Written by Daniel Lane, CFE, on behalf of the Anti-Human Trafficking Intelligence Initiative (ATII)

Part 1 of a 3 Part #FollowMoneyFightSlavery Blog Series

Introduction to Human Trafficking and Law Enforcement

Introduction

In 2013, the United Nations’ Office on Drugs and Crime (UNODC) and Europol estimated that the global drug trade was worth nearly $435 billion a year and the United Nations has estimated that $1 trillion has been spent on drug interdiction and incarceration efforts in the past decade.[1] Drug traffickers have garnered the attention of both the United States and foreign law enforcement agencies due to the massive effect that the narcotics trade has on society. In recent years, another illicit trade has begun to spread its' destructive roots across the globe, accounting for nearly $150 billion in illicit funds; Human Trafficking.

The relationship between human traffickers and money is intrinsic; being the fundamental motivator for carrying out harm amongst the world’s most vulnerable populations. As the global economy continues to expand due to digital commerce and ever-evolving technology, law enforcement has been scrambling to keep pace with the methods human traffickers are employing to carry out their operations. However, law enforcement is not solely responsible for identifying, tracking, and ultimately apprehending these individuals. Financial institutions, of all sizes, play a crucial role in identifying and preventing suspicious transactions from ending up in the wrong hands. But before a more granular view can be undertaken, a broader discussion of agency relationships is necessary.

What Is Human Trafficking?

"Human Trafficking involves the use of force, fraud, or coercion to obtain some type of labor or commercial sex act. Every year, millions of men, women, and children are trafficked worldwide. Traffickers use violence, manipulation, or false promises of jobs or relationships to lure victims into trafficking situations.” [2]

The ILO and Walk Free Foundation estimated there were a total of 25 million victims of forced labor or sexual exploitation in 2016. 16 million people fell victim to private sector forced labor that included domestic, construction, and agricultural work. 4.1 million victims were forced into state-imposed labor and 4.8 million were sexually exploited.[3]

Federal Law Enforcement

This blog installment will cover the federal agencies that are tasked with identifying, disrupting, and apprehending the purveyors of human trafficking. These agencies were selected due to their jurisdictional reach and the important role they play in bringing justice to victims and their families. However, it cannot be stressed enough that these agencies cannot do their critical duties without assistance and communication with state, local, tribal, and international law enforcement agencies.

U.S. Department of the Treasury

Due to the direct impact human traffickers have on the financial system, the United States Department of the Treasury has several tools in their arsenal to assist efforts in eradicating human trafficking. The Treasury Department aims to prevent, protect, and prosecute human traffickers using information gathered through the required Bank Secrecy Act (BSA) reporting that is controlled by the Financial Crimes Enforcement Network (FinCEN). When a financial institution identifies a suspicious activity, they are required to report the transaction(s) using the Suspicious Activity Report (SAR) form. In 2018, FinCEN updated the form to include a checkbox for reporting entities to identify if the potential activity is related to human trafficking.Between August 1, 2018, and August 31, 2019, 10,881 SARs were filed by financial institutions reporting potential human trafficking activity.[4]  We will revisit the BSA, SARs, and FinCEN in the second installment of this blog series, stay tuned!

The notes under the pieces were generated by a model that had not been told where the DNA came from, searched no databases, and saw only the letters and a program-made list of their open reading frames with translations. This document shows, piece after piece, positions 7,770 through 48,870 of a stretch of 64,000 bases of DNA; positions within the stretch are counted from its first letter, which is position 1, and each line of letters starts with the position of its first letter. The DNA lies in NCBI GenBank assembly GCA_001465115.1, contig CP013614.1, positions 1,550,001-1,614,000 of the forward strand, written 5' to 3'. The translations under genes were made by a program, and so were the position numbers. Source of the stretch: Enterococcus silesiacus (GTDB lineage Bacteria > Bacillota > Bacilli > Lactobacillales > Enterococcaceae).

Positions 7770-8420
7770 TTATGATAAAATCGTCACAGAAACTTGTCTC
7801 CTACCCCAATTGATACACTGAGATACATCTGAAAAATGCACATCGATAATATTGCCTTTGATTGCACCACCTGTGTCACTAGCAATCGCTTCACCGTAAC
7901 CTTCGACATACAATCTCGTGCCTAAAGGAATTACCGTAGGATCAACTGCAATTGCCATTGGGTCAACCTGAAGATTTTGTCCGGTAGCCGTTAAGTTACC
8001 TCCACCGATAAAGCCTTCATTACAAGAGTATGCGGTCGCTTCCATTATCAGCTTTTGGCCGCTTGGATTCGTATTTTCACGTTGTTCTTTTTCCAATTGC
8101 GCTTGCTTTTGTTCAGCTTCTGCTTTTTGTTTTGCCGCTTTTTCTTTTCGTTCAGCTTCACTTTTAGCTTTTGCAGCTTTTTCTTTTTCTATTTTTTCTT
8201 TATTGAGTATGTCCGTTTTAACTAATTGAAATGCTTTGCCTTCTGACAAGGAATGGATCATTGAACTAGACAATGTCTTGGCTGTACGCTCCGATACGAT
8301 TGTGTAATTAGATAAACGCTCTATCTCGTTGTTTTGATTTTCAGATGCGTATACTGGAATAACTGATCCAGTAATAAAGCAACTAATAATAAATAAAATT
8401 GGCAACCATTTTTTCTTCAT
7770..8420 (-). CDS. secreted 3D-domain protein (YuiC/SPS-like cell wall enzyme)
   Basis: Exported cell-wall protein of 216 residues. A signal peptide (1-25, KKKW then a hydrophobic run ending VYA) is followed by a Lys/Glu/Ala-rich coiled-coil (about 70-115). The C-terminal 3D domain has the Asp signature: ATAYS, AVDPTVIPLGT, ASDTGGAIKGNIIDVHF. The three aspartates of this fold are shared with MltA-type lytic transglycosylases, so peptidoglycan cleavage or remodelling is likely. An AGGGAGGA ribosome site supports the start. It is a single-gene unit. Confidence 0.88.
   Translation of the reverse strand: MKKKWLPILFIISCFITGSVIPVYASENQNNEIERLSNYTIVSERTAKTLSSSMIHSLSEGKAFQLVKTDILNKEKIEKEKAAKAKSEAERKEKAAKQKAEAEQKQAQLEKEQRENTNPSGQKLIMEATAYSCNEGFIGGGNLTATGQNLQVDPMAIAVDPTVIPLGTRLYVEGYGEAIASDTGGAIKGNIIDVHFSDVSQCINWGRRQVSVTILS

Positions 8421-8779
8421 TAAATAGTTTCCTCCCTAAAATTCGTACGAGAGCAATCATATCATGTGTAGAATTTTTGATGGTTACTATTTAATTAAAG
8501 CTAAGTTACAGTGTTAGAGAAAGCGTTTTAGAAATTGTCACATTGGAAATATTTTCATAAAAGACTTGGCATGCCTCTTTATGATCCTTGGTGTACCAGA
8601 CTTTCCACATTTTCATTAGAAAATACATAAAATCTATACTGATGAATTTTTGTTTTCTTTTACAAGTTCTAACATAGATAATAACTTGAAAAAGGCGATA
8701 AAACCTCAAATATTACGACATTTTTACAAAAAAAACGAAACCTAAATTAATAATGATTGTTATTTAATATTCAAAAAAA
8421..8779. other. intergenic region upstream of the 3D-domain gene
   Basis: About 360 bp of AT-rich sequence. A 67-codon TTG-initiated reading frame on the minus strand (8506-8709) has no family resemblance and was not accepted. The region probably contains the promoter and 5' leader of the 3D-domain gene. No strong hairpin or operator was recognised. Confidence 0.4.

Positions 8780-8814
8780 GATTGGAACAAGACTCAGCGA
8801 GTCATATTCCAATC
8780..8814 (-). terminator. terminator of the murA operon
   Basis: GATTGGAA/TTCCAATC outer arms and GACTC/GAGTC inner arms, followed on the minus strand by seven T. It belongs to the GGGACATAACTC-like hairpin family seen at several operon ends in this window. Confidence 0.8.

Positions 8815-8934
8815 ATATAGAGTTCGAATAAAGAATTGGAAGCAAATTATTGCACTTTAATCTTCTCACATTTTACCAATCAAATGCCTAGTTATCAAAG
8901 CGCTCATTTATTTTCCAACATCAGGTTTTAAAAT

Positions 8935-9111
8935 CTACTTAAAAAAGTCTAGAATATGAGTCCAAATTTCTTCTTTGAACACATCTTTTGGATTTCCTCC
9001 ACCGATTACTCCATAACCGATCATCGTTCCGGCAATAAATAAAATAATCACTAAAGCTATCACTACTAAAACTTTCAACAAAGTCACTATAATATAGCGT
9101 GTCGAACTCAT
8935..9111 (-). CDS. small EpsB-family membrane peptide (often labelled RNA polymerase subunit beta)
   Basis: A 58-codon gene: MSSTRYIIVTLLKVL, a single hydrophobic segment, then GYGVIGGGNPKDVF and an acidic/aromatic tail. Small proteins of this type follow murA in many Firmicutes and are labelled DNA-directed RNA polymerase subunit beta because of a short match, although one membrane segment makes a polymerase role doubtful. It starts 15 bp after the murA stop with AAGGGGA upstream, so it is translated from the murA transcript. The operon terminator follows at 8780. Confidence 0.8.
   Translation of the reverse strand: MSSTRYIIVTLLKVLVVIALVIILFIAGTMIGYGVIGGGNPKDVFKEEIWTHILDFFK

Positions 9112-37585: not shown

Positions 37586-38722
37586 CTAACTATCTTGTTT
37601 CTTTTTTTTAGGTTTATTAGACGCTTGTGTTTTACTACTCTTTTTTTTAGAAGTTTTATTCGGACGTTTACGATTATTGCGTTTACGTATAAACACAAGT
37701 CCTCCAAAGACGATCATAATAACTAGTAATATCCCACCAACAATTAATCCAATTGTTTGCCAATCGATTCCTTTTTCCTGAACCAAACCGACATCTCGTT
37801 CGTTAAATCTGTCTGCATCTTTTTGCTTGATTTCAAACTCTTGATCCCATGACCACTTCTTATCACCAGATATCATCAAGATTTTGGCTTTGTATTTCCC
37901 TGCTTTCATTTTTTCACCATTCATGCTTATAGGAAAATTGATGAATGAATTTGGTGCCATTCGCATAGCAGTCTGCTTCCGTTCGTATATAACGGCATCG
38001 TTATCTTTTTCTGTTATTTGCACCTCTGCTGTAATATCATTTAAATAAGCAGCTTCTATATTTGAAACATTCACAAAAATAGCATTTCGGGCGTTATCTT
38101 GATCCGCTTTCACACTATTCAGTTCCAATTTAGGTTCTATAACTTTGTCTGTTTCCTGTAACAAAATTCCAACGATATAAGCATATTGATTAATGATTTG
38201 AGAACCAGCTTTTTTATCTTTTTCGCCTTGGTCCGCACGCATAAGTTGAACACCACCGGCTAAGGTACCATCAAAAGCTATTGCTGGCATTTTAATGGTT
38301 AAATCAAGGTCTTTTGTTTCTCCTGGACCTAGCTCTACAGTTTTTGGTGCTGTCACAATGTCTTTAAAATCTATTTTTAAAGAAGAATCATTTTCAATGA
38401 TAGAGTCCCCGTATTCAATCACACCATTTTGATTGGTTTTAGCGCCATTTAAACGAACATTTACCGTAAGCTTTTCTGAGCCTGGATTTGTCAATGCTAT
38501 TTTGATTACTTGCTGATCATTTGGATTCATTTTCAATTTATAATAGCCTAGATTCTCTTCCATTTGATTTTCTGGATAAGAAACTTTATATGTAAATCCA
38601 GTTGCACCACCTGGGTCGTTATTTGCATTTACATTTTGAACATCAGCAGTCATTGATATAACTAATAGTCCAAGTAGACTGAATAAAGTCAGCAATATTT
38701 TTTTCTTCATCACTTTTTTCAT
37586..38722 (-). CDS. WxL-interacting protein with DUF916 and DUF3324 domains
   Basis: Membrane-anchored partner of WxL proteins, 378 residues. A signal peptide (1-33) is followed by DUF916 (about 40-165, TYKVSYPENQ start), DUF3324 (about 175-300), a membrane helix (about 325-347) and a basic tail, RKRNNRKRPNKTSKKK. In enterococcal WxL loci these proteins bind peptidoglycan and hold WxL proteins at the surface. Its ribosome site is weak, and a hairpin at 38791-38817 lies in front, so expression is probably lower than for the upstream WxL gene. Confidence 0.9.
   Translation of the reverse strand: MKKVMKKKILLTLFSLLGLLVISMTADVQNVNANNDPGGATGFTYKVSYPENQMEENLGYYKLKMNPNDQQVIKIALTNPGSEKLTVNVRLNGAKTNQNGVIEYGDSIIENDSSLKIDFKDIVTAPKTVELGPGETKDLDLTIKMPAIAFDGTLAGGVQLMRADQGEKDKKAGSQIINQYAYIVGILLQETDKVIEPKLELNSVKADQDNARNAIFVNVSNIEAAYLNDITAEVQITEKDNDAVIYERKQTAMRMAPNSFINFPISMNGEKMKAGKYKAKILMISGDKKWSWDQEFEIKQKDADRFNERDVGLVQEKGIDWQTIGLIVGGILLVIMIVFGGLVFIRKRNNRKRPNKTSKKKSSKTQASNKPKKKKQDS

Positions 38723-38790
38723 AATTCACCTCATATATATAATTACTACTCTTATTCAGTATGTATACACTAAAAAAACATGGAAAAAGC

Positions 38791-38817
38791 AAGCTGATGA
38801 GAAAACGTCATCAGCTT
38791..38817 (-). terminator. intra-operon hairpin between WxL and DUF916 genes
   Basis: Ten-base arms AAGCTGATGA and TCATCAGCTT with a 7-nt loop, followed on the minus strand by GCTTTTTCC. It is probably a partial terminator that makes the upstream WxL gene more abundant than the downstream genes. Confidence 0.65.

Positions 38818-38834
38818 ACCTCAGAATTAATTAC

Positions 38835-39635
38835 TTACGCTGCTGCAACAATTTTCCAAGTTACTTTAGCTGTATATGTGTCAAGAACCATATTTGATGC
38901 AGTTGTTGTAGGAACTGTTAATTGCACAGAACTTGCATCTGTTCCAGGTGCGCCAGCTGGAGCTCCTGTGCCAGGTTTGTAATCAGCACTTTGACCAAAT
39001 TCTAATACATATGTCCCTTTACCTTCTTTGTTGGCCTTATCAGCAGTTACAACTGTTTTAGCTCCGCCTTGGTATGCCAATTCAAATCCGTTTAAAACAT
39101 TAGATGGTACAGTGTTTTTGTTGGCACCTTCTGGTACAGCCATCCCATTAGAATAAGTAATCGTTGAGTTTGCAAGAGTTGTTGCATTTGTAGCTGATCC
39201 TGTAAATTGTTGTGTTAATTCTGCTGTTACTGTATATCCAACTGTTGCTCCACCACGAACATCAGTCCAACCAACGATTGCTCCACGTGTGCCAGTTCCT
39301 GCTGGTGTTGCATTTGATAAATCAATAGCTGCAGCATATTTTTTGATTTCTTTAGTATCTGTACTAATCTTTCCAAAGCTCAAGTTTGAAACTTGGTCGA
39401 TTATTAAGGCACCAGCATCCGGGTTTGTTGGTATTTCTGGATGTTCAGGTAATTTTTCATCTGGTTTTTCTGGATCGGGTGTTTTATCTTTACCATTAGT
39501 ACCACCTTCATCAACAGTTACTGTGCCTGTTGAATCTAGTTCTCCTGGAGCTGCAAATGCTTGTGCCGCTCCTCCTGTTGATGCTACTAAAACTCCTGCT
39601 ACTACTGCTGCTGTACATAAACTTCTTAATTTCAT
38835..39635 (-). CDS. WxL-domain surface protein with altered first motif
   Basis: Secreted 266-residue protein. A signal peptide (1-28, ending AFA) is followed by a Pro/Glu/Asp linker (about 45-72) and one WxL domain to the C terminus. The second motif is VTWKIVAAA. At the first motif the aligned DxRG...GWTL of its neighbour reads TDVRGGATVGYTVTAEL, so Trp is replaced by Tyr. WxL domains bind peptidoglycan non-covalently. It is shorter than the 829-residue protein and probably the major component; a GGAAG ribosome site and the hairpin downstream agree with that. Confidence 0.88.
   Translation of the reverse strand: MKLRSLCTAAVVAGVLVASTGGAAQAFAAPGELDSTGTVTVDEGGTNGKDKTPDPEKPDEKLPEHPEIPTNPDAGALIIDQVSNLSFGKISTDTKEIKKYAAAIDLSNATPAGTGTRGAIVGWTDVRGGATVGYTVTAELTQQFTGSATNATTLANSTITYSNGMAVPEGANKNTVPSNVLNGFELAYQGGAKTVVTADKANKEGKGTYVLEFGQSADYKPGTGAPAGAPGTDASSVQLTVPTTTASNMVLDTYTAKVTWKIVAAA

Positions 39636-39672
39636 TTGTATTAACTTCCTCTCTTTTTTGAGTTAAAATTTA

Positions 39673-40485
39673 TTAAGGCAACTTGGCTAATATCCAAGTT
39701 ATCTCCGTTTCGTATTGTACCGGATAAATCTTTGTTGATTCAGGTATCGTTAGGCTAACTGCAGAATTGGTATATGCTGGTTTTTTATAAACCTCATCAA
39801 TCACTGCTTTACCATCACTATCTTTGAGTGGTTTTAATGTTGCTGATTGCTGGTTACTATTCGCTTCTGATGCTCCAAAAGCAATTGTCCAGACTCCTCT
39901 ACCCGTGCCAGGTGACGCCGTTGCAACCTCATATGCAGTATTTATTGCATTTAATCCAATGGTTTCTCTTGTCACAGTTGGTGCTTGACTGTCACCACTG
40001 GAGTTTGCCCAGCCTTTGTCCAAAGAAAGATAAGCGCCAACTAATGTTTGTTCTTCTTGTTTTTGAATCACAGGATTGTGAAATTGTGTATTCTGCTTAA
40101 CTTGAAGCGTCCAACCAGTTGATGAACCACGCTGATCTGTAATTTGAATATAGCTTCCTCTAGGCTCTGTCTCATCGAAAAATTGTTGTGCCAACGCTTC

The Office of Terrorism and Financial Intelligence (TFI) is the intelligence and enforcement function of the Treasury Department and aims to safeguard the financial system and combat terrorist financiers, money launderers, drug, and human traffickers. There are three offices and one bureau that comprise the TFI, and together, coordinate with other federal, state, and local law enforcement agencies to investigate and prosecute human traffickers.

Internal Revenue Service Criminal Investigation Division (IRS-CID)

Although when mentioned, the IRS conjures up nightmares of filing one’s taxes by April 15th, the IRS, is an integral piece of the investigative puzzle. The IRS is largely tasked with determining, assessing, and collecting internal revenue (taxes) in the country, but the IRS employs nearly 2,300 Special Agents within the CID that are tasked with investigating and recommending prosecution for tax evasion and related offenses.[2] More notably, IRS agents assist the Federal Bureau of Investigations (FBI), Drug Enforcement Administration (DEA), U.S. Immigration and Customs Enforcement Homeland Security Investigations (HSI) and Diplomatic Security Service (DSS) with drug and human trafficking investigations from a financial perspective. Agents identify and trace cash, electronic funds, virtual currency, real estate, and other assets that are generated by human and drug traffickers to build strong criminal cases.

U.S. Department of Justice Agencies

Image 2: U.S. Department of Justices as overseen by the U.S. Attorney General [6]

Federal Bureau of Investigations (FBI)

The FBI is perhaps the most famous law enforcement agency in the world and has jurisdiction over federal crimes within the United States. As the principal law enforcement agency operating under the Department of Justice (DOJ), the FBI reports to both the Attorney General and the Director of National Intelligence. Among the 56 field offices, the FBI employs nearly 13,000 Special Agents that are tasked with conducting intelligence, cyber threat mitigation, and investigative operations. Specifically, the Criminal Investigative Division (CID) is the largest within the Criminal, Cyber, Response, and Services Branch of the FBI and employs 4,800 Special Agents. CID has the primary responsibility for investigating violent crime, white-collar crime, and public corruption. [7]

Inter-Agency Collaboration

The FBI strongly believes in a multi-agency approach when investigating human trafficking, which is evidenced by the task forces that are active across the country. The FBI primarily handles Human Trafficking investigations under its Crimes Against Children and Human Trafficking Program. The Child Exploitation and Human Trafficking Task Forces operate in nearly all FBI field offices and are used to collaborate with state and local law enforcement agencies to recover victims and apprehend traffickers at the state and federal levels.

Perhaps the most effective initiative undertaken by the FBI is the Anti-Trafficking Coordination Team which enhances access to specialized Human Trafficking subject matter experts, leads, and intelligence. The results created are high-impact federal investigations and prosecutions. The initiative is a collaborative effort between the FBI, DOJ, DHS, and the Department of Labor (DOL). Currently, 12 FBI field offices participate in the program, including Boston, El Paso, Miami, and Portland. [8]